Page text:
But I remeber that science has been used to extoll the virtues of everything from baby formula to shock therapy, and remain leery.

Thank you so much, Red, for your great post -- you really helped me get my head together on this one! Thanks, also, with your patience with this rather lengthy comment!

Anonymous said...

I don't know if I am really qualified to comment on this topic, since I am single and have no children, but I'm going to anyway.

It seems to me that in all this talk of 'AP' the role of the daddy is ignored or neglected. All I've seen is how important AP practioners think it is for the baby to be in constant contact with his mother, but nowhere do they reccomend that the father take a turn.

I've seen my father, brothers, and brothers-in-law all take an active part in their families from the time their children were born and there are times when the men were better able to soothe the fussy infant than their stressed-out, exhausted better-halves were. (Yes, normal mommies do get stressed-out and exhausted from a little tiny infant.)

And there are times when a fairly young baby is fed, dry, comfortable, not teething, not sick, but still fussy. Babies, especially pre-mobile babies, need exercise. Sometimes this comes from a good crying-my-little-heart-out-all-by-myself session. (Monitored of course, and not to last too terribly long.)

I like Red's idea of Detachment Parenting and Danielle's of Doing What Works Best For Your Family.

Anyway, just thought I'd weigh in on this one!


Anonymous said...

"I don't know if I am really qualified to comment on this topic..."

You're not. Me neither.

Sheila said...

Umm, again, it's been a few years since I read the AP bibles (Dr. Sears/La Leche League) but all the combined works strongly/heavily/emphatically (choose your adverb) underscore the importance of the father in AP. Not only that, these works discuss AP exclusively in the context of a married family. So read it for yourself, make your own decisions based on your family's needs. What I take from Danielle et al is not a trashing of AP--far from it--but a urging to do what works best for you, not because of ignorance but because of reflection.

Anonymous said...

I reject the idea that to be a good mother or father you must read a particular book about it. No. Both of our (husband's and my) parents raised many, many terrific children and never felt required to sit down and read what someone else thinks they should do. The vast majority of human history holds the same story, including all the parents of all the saints that I can think of.

Never heard of AP before. Not interested in any one particular parenting theory. Except my own love and well-formed Catholic conscience.

CMW said...


I liked your comments! :)

Willa said...

I think the idea is that attachment parenting gives your kids the foundation to become independent when they are ready. Though I haven't read much of Dr Popcak's work I am pretty sure that's what he would say.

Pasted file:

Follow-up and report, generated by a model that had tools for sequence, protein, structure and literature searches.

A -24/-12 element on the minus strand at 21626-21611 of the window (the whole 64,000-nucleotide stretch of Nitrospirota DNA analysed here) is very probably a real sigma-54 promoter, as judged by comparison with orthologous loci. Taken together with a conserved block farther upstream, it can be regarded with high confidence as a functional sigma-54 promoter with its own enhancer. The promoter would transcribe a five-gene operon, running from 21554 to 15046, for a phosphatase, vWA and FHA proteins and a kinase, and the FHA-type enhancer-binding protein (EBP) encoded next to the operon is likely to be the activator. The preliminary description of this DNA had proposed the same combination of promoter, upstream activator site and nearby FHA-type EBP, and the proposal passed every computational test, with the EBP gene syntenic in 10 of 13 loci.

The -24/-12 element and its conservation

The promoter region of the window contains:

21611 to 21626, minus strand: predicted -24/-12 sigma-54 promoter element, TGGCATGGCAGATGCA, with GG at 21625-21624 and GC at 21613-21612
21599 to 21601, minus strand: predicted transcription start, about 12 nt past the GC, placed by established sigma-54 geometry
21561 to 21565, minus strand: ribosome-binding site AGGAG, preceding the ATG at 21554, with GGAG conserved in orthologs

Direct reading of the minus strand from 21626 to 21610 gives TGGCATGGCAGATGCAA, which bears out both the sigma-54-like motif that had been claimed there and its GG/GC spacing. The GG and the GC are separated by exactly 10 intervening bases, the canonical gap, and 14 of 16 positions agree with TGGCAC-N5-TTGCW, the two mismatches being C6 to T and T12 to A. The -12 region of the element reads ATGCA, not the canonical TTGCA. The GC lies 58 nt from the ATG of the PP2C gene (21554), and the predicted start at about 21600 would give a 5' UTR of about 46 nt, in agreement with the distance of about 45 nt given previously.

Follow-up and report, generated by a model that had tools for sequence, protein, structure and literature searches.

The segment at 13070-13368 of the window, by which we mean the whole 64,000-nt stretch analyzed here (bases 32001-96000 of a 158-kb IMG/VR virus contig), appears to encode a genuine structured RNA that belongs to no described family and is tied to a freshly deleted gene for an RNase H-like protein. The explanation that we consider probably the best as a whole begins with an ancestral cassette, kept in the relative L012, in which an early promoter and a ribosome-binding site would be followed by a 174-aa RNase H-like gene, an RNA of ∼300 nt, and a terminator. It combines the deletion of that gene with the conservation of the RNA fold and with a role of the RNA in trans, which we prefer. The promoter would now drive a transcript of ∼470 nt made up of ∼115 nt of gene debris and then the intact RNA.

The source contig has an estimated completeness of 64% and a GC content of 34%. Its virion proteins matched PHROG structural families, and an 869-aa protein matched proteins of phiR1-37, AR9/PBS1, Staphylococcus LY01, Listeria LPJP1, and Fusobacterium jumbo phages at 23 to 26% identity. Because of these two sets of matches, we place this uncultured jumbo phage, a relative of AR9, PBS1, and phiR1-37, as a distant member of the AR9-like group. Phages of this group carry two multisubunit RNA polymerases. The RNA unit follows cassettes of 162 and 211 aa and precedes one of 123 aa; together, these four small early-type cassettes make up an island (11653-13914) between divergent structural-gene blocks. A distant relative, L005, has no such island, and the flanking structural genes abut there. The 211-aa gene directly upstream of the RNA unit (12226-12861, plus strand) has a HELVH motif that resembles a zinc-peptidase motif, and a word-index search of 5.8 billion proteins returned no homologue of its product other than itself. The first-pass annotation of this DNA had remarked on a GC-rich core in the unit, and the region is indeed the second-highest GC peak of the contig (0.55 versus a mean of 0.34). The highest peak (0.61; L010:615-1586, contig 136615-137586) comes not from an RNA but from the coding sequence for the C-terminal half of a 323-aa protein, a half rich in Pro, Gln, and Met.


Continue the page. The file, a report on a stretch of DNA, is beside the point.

I am sort of an AP mother. I have seven children and when I started out almost 22 years ago, we hadn't heard of the term and we didn't really know anyone who was practicing AP. We just did what seemed to work for our temperaments and those of our children.

The kids got independent somehow. Whether because of or in spite of co-sleeping, who could tell?

Even though I am more AP than not, I am sort of on the Danielle Bean side of the argument. I think Dr Popcak went beyond logic in presenting his side of the case.

I deeply dislike that "my way is God's way" approach, even though I doubt if he meant it quite that baldly. When I was raising my kids it was the Ezzo-type "schedule your babies" Christians that were saying all kinds of ominous things about how badly your kids would turn out if you did AP. A few generations ago parents were being scared by "science" and "experts" into bottlefeeding their kids and not picking them up except once in a while for a few minutes.

Yes, I do think there's a role for advice from older, possibly wiser people. My parents and my husband's parents both made suggestions when we were just starting our family but they also kept their boundaries and did not try to tell us that the only way to do it was their way. In fact, they spent a lot of energy building us up and supporting us. That helped us to be better parents, and we did adopt suggestions from them without feeling pressured or scared into doing so. So I guess I am thinking that Dr Popcak's advocating of AP is fine and may have a lot of truth in it but his style in the recent discussion seemed to encroach on individual families boundaries a bit too much.

It looked like he was trying to point out the dangers of relativism -- the Disney-style "follow your heart" that is so prevalent nowadadys-- but didn't acknowledge that prudence in some family situations might not always add up to specific AP practices.

Whew -- I don't think I've commented on your blog before, Red, though I read it regularly -- but this is enough for about 10 comments, I think : ). I guess it is still National Delurking Week, isn't it? : ).